Can You Be Anti-Branding And Pro-Sales At the Same Time?

Geoffrey James is a freelance writer and author. He used to sell expensive computer systems.
Here’s a small sample of his writing from BNET:

I also believe that developing “Awareness, Interest, and Desire” (aka “Branding”) inside B2B firms is mostly just an excuse to spend money.
In fact, branding is overrated in B2C firms, too. Marketeers frequently cite examples, like Coke, where corporate branding appears to command customer preference and a premium price.
But Coke’s “brand equity” is the result of a century of providing a higher quality product combined with an efficient distribution methodology with extraordinary reach. Those are far more responsible for the popularity of the Coke “brand” than the marketing, which has frankly been cookie-cutter SPAM just like every other consumer product.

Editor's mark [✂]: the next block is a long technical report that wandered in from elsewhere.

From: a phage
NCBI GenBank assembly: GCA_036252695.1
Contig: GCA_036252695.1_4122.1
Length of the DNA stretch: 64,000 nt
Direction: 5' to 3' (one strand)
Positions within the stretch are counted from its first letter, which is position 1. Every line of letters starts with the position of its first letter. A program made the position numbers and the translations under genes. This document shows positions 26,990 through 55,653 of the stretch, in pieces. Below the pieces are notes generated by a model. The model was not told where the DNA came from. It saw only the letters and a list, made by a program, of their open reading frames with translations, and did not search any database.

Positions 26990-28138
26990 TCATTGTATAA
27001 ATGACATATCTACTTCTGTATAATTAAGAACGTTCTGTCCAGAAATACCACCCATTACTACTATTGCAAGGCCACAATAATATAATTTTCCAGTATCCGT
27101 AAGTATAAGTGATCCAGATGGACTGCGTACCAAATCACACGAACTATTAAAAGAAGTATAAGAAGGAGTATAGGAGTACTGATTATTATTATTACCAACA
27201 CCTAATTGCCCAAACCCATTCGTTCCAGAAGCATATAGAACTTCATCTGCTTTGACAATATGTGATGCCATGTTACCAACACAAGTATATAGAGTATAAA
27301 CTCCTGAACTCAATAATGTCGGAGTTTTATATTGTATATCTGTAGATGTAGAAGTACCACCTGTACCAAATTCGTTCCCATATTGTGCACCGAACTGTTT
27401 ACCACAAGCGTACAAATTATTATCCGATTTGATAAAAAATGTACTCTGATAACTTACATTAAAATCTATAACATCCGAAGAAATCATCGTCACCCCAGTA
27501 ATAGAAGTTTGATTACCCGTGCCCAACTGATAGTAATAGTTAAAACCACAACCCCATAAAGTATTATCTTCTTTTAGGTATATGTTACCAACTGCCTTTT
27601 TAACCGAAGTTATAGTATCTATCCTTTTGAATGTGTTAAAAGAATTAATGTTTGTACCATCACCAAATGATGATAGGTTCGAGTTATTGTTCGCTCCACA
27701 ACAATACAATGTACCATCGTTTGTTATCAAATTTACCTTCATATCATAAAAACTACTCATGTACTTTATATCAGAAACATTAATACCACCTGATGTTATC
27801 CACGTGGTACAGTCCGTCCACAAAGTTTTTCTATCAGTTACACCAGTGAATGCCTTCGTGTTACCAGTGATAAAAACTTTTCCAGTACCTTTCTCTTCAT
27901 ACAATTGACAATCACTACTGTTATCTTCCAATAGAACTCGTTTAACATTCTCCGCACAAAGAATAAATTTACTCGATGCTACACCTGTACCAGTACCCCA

I’m trying to process this information. You mean Coke isn’t Coke because it spends war chests full of money in thousands of crowded markets around the globe? They’re Coke because the pharmacist who mixed their recipe was a genius and their logistics people created a world class distribution model? Man, you can really learn things on this series of tubes.

About David Burn

Co-founder and editor of AdPulp. I wrote my first ad for a political candidate when I was 17 years old. She won her race and I felt the seductive power of advertising for the first time. I worked for seven agencies in five states before launching my own practice in 2009. Today, I am head of brand strategy and creative at Bonehook in Portland, Oregon.


  1. Two words: “New Coke”

    Massive advertising, massive “branding”, product sucked, product dead.

    Brand reflects product. Crappy product, crappy brand. Good product, good brand.

    There are no exceptions.

  2. Starbucks. Crappy Product. Great Brand.
    McDonalds. Crappy Product. Great Brand.
    Coors. Crappy Product. Great Brand.
    Red Lobster. Crappy Product. Great Brand.
    American Idol. Crappy Product. Great Brand.